Science

Pod of Gay Dolphins Discovered in Australia

Gay dolphins underwater
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Researchers study same-sex dolphin love.

Homosexuality in the wild is much more common than you might think. Bottlenose dolphins, for example, are one of the most intelligent creatures known to have same-sex relationships. Scientists believe that this behavior has something to do with social bonding, but there is obviously a lot more going on below the surface.

Male dolphins in Shark Bay Australia synchronize their movements perfectly.

Researchers at the Mandurah Dolphin Research Project in Western Australia observed big groups of dolphins engaging in what appeared to be homosexual behavior after the mating season ended. Krista Nicholson of the Murdoch University told the Mandurah Mail that this was typical behavior seen in other bottlenose dolphin populations, including those found at the Shark Bay World Heritage site, also in Western Australia.

Nicholson stated that “Apart from homosexual behavior, males, unlike females, in Shark Bay have also been recorded to perform synchronous displays.”

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According to the Dolphin Communication Project, synchronous displays, or mirroring the behavior of your dolphin friend, signals to other dolphins that you are in a close relationship with your partner. Synchronous swimming creates a strong visual for anyone watching and is a powerful display of solidarity.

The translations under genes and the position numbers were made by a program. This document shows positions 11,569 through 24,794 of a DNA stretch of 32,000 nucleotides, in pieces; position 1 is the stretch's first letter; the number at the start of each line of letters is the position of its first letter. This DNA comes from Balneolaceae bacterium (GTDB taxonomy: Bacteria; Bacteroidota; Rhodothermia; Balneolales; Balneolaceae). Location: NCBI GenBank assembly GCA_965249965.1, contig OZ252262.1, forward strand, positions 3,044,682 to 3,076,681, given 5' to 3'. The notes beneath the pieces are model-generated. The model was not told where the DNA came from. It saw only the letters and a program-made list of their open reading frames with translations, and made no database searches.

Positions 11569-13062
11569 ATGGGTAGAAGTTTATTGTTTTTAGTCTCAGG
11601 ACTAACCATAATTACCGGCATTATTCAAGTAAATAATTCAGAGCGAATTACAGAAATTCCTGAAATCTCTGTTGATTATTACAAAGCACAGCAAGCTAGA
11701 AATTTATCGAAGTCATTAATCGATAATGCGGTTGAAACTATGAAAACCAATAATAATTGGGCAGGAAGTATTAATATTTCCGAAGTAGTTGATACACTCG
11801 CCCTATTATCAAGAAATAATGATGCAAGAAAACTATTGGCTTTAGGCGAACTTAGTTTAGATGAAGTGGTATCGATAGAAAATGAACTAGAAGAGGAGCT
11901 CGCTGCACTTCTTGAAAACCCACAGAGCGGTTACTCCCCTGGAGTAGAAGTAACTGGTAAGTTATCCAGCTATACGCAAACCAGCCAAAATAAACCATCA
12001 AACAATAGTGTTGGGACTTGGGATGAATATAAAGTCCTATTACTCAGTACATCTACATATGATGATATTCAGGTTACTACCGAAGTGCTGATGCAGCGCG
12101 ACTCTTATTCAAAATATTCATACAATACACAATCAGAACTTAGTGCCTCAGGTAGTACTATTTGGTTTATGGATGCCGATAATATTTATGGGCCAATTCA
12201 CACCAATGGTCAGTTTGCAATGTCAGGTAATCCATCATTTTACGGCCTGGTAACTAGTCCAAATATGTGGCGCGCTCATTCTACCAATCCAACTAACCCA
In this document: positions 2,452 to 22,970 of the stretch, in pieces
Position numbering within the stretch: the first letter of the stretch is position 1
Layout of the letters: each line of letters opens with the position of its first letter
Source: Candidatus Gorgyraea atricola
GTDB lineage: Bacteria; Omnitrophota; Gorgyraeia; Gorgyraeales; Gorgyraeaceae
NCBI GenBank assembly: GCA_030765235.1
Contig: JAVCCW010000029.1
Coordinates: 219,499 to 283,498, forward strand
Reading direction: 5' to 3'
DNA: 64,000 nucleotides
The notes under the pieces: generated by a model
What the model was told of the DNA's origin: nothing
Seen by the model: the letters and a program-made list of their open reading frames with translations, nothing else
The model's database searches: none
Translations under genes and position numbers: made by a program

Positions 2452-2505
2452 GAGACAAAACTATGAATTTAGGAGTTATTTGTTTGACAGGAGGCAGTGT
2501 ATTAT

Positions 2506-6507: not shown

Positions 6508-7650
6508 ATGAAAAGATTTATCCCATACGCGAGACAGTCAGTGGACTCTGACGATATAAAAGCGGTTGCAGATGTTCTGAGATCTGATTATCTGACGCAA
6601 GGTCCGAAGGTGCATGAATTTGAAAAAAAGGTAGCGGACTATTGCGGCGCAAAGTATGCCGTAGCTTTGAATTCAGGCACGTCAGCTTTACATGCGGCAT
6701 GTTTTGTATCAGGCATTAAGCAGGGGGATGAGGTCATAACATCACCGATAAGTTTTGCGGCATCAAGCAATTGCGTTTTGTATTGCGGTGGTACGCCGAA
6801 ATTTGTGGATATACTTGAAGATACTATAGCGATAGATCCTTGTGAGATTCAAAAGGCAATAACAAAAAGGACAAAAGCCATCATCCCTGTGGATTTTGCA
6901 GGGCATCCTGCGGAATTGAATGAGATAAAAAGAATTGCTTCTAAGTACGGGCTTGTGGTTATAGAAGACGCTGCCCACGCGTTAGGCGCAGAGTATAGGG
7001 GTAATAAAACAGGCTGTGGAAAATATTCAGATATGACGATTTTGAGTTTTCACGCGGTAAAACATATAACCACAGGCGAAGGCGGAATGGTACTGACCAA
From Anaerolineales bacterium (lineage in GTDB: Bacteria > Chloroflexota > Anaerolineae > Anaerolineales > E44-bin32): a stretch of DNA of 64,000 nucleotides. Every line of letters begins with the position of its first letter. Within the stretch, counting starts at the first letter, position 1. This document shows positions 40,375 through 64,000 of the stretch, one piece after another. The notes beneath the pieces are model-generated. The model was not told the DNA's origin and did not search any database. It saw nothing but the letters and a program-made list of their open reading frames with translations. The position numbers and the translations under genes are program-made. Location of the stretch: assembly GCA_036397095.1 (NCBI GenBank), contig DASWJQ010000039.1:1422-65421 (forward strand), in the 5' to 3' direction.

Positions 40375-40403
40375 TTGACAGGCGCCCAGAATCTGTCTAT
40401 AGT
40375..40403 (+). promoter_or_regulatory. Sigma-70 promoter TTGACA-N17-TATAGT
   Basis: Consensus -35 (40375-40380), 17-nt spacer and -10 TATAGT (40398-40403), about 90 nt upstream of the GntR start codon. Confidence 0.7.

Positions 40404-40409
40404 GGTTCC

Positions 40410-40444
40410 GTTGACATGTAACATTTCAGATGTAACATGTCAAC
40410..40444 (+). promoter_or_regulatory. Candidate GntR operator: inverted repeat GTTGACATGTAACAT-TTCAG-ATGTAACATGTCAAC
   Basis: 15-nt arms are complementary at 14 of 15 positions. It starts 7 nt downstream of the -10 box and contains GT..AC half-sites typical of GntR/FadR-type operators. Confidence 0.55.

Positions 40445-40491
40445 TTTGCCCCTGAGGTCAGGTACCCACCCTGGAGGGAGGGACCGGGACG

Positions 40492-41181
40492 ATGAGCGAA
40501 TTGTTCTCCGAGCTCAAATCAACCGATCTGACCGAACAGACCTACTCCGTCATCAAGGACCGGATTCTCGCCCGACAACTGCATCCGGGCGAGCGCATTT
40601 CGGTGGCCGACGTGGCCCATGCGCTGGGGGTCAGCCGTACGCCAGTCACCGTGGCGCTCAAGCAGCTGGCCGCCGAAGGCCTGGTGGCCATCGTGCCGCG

Dolphins have a gang culture around finding and protecting sexual partners.

Janet Mann, a professor of biology and psychology at Georgetown University observed that male bottlenose dolphins often engage and maintain same-sex relationships early in life to establish hunting groups for females during mating season when they mature. As male dolphins moved on to bi-sexual relationships later in life, these male bonded groups herd and control the movement of female dolphins while they waited for the girls to become sexually receptive.

Dolphins have been found to spend 80 percent of their lives in sexual play.

According to David Linden, a professor of neuroscience at Johns Hopkins University in Baltimore, discovered that the male bottlenose dolphin had found “perhaps the most creative form of animal masturbation” – by wrapping a live, squirming eel around its penis.

In a study by a Brazilian university dolphin sexual intercourse was clocked at “no more than 10 seconds” but that it could be repeated several times within less than an hour. Which begs the age-old question … what do you do with the other 23 hours in a day?

It’s still a scientific mystery.

Janet Mann, who has studied dolphins at Shark Bay for decades, concluded that another possible reason for this homosexual behavior is for males to practice mating. In her book Homosexual Behavior Animals: An Evolutionary Perspective, Mann wrote: “Homosexual interactions in bottlenose dolphins … seem to serve multiple functions, although the exact fitness consequences, if any, are unknown.”

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